Needing to save for her children’s college education and fund her own sustainability consulting business, Jennifer Saxe couldn’t afford an MBA. Or so she thought, until last year.
That’s when Saxe enrolled in the iMBA run by the Gies College of Business at the University of Illinois at Urbana-Champaign. This is a fully online, part-time degree so she can continue to grow her business. And, while many top schools charge six-figure fees for a full-time classroom MBA, the price for the iMBA is $22,000.
“I had already liquidated my retirement savings to fund my business,” says Saxe. “Even if I got a loan, as a single mom, I couldn’t afford to pay $100,000 for an MBA.”
His story demonstrates the potential of e-learning to democratize business education, making quality education cheaper, more flexible, and more accessible to far more people than expensive on-campus MBAs.
The iMBA currently has 4,432 registered participants, down from just a few dozen full-time MBA students in 2019 — the year Gies discontinued that program. Economies of scale reduce the iMBA’s cost base, as it uses fewer faculty, who command high salaries, to teach larger classes than would be possible on campus.
“People think scale is inversely related to quality, but it’s the exact same degree you’d get in person,” says Brooke Elliott, executive associate dean of academic programs at Gies. “We chose inclusivity over exclusivity.”
In principle, many online MBAs could be much cheaper than they are because virtual classrooms reduce overhead costs such as physical teaching facilities. Yet many schools still charge similar rates for their residential and online programs — Carnegie Mellon University’s Tepper School of Business, for example, charges around $140,000 for its various MBA formats.
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“E-learning is inherently scalable, but quality online learning is expensive to produce,” notes Nick Barniville, associate dean of degree programs at ESMT, the European School of Management and Technology in Berlin.
Costs include payment for faculty to design and update asynchronous course components – which students can take whenever their schedule allows – in addition to career services, periodic residential modules and extras such as travel of global studies. Regular investments are also needed to keep the IT infrastructure and software up to date, and to train teaching and support staff.
“There’s always the dilemma for a high-end business school between prestige price positioning and a strategy that focuses more on accessibility, scale and reach,” says Barniville.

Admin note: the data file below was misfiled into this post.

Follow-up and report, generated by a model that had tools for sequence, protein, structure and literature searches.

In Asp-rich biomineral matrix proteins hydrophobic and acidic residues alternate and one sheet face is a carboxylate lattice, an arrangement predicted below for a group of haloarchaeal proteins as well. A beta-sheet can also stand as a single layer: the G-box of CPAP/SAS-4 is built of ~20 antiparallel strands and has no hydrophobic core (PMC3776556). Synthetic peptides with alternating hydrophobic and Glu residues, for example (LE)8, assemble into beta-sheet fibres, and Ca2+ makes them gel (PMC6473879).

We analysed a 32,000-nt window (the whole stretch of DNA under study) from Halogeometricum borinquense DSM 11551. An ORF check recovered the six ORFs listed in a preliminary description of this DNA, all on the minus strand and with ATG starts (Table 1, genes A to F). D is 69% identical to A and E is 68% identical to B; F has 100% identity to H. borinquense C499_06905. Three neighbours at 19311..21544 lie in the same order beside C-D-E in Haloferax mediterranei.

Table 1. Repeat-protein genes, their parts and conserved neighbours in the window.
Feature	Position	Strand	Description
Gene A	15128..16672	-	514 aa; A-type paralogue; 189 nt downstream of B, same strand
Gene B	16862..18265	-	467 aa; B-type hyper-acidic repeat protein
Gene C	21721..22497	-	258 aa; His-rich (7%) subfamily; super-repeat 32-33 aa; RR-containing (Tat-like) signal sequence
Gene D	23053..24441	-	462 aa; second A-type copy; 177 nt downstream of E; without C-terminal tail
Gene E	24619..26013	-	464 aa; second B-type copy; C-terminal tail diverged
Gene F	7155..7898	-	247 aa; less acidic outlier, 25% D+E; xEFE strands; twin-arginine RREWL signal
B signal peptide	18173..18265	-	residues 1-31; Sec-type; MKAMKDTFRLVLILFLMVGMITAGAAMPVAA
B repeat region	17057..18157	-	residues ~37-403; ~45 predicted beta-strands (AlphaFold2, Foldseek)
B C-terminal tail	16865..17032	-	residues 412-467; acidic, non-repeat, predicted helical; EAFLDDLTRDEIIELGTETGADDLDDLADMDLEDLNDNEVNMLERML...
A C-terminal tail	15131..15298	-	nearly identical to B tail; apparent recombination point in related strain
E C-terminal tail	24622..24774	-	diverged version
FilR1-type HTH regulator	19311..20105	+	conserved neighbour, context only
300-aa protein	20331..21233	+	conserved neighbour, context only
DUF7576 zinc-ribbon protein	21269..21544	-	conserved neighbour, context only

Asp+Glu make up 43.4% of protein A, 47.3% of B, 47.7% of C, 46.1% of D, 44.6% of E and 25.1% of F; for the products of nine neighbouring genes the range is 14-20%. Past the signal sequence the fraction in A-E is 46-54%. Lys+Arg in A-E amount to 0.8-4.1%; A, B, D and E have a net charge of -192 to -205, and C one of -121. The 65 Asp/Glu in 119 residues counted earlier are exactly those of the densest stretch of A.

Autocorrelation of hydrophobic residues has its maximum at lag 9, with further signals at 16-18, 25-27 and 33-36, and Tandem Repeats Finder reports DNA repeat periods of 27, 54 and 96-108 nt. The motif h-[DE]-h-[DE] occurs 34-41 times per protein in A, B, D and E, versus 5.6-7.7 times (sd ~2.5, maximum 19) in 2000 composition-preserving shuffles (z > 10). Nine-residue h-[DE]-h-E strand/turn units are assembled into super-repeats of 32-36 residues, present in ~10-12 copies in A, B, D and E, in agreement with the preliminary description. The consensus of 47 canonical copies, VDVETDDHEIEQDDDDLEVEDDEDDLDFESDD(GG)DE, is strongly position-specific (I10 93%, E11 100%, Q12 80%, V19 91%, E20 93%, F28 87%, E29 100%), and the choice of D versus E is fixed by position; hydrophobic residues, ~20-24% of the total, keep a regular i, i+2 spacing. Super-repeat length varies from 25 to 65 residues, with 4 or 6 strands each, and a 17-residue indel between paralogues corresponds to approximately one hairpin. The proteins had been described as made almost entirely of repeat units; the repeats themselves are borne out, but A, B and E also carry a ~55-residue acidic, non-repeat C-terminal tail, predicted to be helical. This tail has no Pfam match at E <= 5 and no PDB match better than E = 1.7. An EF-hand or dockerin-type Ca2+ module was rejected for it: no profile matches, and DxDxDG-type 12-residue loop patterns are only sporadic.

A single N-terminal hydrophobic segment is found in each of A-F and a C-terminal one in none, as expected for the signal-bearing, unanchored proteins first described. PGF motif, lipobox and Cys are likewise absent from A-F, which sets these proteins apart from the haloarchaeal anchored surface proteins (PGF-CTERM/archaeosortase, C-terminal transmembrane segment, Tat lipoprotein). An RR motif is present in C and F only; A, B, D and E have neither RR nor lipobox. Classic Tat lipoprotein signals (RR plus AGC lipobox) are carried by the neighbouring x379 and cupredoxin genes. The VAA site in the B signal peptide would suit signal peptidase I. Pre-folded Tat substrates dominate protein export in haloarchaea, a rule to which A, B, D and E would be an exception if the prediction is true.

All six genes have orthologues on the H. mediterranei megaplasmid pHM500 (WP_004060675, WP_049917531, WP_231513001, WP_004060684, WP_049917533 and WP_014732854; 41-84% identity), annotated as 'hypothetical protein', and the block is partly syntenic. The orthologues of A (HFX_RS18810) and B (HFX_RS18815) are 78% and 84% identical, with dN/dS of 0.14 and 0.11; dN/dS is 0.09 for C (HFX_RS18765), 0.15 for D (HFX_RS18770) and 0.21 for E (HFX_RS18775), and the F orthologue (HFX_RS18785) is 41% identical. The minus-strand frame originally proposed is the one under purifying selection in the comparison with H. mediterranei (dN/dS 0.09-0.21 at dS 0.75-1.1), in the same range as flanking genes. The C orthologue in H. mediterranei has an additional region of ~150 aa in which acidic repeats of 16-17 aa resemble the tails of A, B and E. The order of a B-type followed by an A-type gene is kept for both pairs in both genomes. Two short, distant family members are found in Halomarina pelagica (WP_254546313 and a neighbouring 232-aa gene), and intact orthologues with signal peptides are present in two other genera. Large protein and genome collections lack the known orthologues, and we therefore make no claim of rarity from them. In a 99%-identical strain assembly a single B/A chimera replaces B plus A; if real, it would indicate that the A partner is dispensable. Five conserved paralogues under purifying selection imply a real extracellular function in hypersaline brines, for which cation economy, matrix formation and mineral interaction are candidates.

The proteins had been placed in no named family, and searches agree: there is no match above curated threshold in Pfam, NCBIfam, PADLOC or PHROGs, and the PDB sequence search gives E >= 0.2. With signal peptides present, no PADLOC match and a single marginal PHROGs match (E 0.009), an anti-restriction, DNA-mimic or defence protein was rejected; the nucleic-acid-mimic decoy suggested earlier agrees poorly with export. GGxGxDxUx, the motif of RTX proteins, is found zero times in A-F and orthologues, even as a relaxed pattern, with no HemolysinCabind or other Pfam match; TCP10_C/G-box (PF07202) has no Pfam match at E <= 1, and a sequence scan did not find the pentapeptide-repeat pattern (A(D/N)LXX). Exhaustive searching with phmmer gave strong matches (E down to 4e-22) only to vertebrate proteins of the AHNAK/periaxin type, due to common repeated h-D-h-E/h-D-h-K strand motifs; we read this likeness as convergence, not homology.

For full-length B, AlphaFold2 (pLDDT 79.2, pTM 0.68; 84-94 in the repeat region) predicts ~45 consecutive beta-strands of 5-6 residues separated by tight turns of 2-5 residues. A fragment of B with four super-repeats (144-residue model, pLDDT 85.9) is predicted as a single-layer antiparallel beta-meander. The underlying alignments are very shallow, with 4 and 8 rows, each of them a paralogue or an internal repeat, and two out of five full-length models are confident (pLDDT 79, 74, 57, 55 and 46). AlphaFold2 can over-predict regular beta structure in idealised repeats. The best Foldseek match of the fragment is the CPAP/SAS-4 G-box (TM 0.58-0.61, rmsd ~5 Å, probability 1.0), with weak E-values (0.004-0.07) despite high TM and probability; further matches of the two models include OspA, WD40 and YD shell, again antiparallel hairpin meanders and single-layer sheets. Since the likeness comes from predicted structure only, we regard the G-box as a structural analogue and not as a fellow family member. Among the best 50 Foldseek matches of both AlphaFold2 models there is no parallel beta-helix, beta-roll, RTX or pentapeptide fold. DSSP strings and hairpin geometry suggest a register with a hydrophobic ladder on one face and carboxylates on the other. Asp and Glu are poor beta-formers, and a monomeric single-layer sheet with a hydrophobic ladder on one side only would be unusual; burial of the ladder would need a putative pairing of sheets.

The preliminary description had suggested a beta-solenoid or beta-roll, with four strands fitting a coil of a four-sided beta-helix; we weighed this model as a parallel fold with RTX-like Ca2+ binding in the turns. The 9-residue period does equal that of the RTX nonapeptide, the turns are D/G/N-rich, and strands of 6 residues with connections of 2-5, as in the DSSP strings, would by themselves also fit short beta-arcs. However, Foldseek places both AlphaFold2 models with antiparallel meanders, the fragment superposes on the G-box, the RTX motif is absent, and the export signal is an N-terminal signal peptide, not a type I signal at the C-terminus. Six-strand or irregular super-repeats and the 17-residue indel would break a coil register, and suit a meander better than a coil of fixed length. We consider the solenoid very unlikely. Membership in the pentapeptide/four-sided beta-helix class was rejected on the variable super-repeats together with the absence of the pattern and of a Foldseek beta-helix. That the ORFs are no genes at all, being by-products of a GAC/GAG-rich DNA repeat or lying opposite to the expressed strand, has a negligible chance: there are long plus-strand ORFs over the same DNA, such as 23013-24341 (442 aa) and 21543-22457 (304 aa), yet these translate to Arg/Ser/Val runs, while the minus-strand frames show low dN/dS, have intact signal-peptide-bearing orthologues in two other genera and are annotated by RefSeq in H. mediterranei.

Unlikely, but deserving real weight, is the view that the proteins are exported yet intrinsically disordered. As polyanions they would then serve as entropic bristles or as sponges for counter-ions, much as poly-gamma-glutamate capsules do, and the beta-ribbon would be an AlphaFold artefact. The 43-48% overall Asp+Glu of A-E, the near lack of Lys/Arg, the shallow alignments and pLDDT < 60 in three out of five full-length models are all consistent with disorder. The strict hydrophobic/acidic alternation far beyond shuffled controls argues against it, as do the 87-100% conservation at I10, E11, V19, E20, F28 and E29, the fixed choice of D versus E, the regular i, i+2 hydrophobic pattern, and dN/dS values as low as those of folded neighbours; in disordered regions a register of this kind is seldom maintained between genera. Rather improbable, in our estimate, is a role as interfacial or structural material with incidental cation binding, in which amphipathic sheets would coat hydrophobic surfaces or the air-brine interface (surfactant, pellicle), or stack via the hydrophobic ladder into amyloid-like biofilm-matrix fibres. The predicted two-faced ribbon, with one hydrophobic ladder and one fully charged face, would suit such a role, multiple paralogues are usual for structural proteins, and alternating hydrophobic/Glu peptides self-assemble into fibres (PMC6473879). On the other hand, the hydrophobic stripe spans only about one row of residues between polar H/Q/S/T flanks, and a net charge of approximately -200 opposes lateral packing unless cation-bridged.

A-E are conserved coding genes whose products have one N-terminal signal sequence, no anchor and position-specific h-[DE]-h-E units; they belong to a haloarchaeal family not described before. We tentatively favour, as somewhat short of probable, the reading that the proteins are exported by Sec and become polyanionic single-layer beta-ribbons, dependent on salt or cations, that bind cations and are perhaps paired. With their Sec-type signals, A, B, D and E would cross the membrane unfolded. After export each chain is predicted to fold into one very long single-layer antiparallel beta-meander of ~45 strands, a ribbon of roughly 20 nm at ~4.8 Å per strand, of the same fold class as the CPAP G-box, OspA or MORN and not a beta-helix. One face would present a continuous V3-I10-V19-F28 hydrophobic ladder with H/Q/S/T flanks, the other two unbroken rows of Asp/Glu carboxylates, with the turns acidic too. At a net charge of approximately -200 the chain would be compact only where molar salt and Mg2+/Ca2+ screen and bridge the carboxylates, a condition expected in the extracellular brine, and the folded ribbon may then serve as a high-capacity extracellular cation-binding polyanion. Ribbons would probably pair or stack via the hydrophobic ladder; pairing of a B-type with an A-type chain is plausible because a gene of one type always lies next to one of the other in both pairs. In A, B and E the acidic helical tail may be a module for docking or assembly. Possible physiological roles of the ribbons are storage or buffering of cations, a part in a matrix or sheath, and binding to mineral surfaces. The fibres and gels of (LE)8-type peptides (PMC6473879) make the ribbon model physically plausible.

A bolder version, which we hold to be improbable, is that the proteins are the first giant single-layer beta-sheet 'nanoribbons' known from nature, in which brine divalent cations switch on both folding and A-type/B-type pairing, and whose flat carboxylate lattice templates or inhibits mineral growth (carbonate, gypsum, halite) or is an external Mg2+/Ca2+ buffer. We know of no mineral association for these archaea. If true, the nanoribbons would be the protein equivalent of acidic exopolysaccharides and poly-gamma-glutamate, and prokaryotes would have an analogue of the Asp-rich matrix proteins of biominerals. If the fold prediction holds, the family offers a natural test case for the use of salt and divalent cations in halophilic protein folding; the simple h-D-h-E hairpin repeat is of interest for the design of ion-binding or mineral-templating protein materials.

Some institutions claim that smaller class sizes improve academic outcomes, pointing to a divergence in approaches to online learning.
“In a small group, there is a lot of interaction between the participants,” explains Leonardo Meeus, Academic Director of the Online MBA at Vlerick Business School in Belgium. “We didn’t design our program to be less expensive. We wanted the same experience as a regular MBA, so we didn’t go for a huge cohort.
Compared to on-campus students, financial considerations are less of a concern for online participants, as they are typically experienced professionals looking to increase their already large earning power.
“For online students, funding isn’t that big of an issue, because you just pay the fees – there’s no opportunity cost of not working, no sacrifice of income,” says Amir Michael, Associate Dean of MBA Programs at Durham University Business School in the UK.
However, in a context of growing wealth inequality, this may mean that online MBAs play only a limited role in spreading opportunity more evenly across society, according to Will Geoghegan, chair of the Kelley Direct program at the Indiana University Kelley School of Business in the United States. .
He cites a “perverse incentive” to raise fees to attract top earners, who will have the best career outcomes and boost their alma mater’s position in MBA rankings. “The game is almost stacked,” he says. “There is a self-perpetuation in terms of certain inequalities.”
One of the biggest levers for expanding demographics is financial aid, with many schools reducing tuition through merit- and need-based scholarships.
“We strive for diversity not only in terms of nationality, which our sector focuses on, but also socio-economic diversity, which we believe is equally important,” says Norman Kurtis, Dean of Programs at the IE Business School. to Madrid. “There are many areas that are relatively affluent locally, but it’s difficult for people to pay fees in stronger currencies.”
Although in principle online learning can be a global playground, online MBAs largely appeal to local learners. This is partly because some countries, including China and the United States, do not recognize online degrees from foreign institutions or restrict access to post-graduation work visas for foreign students online. , as opposed to international students on campus.
Additionally, coordinating live lectures across multiple time zones poses a challenge for course administrators, and relatively few business schools have a globally recognized name. “You would have to spend a lot of money to launch the brand overseas,” says Paulo Prochno, associate dean of online programs at the University of Maryland’s Smith School of Business.
While some business schools partner with digital platforms, such as Coursera, to teach students in countries they probably couldn’t reach on their own, they have to share revenue with those platforms in exchange for l hosting and marketing of their MBAs.
However, with online learning coming of age during the pandemic, ESMT’s Barniville predicts that competition for students in a free market system will bring fees down. “When you’re one of very few players in a market, you can charge whatever you want. But, as new competitors come in, the landscape will change.